8 *
  9 * Contributors:
 10 *     IBM Corporation - Initial implementation
 11 *******************************************************************************/
 12// end::copyright[]
 13package io.openliberty.guides.inventory;
 14
 15import java.net.MalformedURLException;
 16import java.net.URL;
 17import java.util.Properties;
 18
 19import javax.enterprise.context.RequestScoped;
 20import javax.inject.Inject;
 21import javax.ws.rs.GET;
 22import javax.ws.rs.POST;
 23import javax.ws.rs.Path;
 24import javax.ws.rs.PathParam;
 25import javax.ws.rs.ProcessingException;
 26import javax.ws.rs.WebApplicationException;
 27import javax.ws.rs.Produces;
 28import javax.ws.rs.core.MediaType;
 29import javax.ws.rs.core.Response;
 30
 31import org.eclipse.microprofile.faulttolerance.Fallback;
 32import org.eclipse.microprofile.faulttolerance.Retry;
 33import org.eclipse.microprofile.rest.client.RestClientBuilder;
 34import org.eclipse.microprofile.config.inject.ConfigProperty;
 35
 36import io.openliberty.guides.inventory.client.SystemClient;
 37import io.openliberty.guides.inventory.client.UnknownUrlException;
 38import io.openliberty.guides.inventory.client.UnknownUrlExceptionMapper;
 39import io.openliberty.guides.inventory.model.InventoryList;
 40
 41@RequestScoped
 42@Path("/systems")
 43public class InventoryResource {
 44
 45  @Inject
 46  @ConfigProperty(name = "system.http.port")
 47  String SYS_HTTP_PORT;
 48
 49  @Inject
 50  InventoryManager manager;
 51
 52  @GET
 53  @Path("/{hostname}")
 54  @Produces(MediaType.APPLICATION_JSON)
 55  // tag::fallback[]
 56  @Fallback(fallbackMethod = "getPropertiesFallback")
 57  // end::fallback[]
 58  // tag::mpRetry[]
 59  @Retry(maxRetries=3, retryOn=WebApplicationException.class)
 60  // end::mpRetry[]
 61  // tag::getPropertiesForHost[]
 62  public Response getPropertiesForHost(@PathParam("hostname") String hostname)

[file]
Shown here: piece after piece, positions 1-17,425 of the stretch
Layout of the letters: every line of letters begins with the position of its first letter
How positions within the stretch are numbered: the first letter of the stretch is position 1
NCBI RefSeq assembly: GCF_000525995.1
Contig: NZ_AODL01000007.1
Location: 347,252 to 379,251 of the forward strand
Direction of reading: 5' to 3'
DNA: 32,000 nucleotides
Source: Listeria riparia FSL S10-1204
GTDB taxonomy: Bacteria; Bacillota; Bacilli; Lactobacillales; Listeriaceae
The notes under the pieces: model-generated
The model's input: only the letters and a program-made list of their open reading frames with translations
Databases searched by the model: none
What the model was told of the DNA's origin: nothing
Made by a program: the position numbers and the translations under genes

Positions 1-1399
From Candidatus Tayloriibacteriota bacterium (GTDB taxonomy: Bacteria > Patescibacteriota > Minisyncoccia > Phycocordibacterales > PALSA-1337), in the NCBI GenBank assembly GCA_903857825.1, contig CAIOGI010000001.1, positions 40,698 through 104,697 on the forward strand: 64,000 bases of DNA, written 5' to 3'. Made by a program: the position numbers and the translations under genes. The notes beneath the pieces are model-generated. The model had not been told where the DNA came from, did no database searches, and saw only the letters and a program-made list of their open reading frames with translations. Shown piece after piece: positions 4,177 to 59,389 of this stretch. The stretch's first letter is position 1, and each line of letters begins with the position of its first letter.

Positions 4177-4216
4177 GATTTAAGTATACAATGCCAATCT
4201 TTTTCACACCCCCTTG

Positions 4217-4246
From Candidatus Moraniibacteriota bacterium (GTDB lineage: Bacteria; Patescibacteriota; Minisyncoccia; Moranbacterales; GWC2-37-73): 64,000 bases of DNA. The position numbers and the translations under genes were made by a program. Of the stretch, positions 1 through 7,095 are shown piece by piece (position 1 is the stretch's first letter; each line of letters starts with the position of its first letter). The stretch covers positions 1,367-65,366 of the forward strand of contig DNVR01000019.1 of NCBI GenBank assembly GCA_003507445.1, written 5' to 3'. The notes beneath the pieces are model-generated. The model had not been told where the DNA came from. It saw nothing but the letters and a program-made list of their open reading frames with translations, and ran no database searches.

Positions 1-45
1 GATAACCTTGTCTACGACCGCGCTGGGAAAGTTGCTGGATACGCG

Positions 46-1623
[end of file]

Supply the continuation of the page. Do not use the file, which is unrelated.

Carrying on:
63        // tag::webApplicationException[]
 64        throws WebApplicationException, ProcessingException, UnknownUrlException {
 65        // end::webApplicationException[]
 66  // end::getPropertiesForHost[]
 67
 68    String customURLString = "http://" + hostname + ":" + SYS_HTTP_PORT + "/system";
 69    URL customURL = null;
 70    Properties props = null;
 71    try {
 72        customURL = new URL(customURLString);
 73        SystemClient systemClient = RestClientBuilder.newBuilder()
 74                .baseUrl(customURL)
 75                .register(UnknownUrlExceptionMapper.class)
 76                .build(SystemClient.class);
 77        // tag::getProperties[]
 78        props = systemClient.getProperties();
 79        // end::getProperties[]
 80    } catch (MalformedURLException e) {
 81      System.err.println("The given URL is not formatted correctly: " + customURLString);
 82    }
 83
 84    if (props == null) {
 85      return Response.status(Response.Status.NOT_FOUND)
 86                     .entity("ERROR: Unknown hostname or the system service may not be "
 87                             + "running on " + hostname)
 88                     .build();
 89    }
 90
 91    manager.add(hostname, props);
 92    return Response.ok(props).build();
 93  }
 94
 95  // tag::fallbackMethod[]
 96  @Produces(MediaType.APPLICATION_JSON)
 97  public Response getPropertiesFallback(@PathParam("hostname") String hostname) {
 98      Properties props = new Properties();
 99      props.put("error", "Unknown hostname or the system service may not be running.");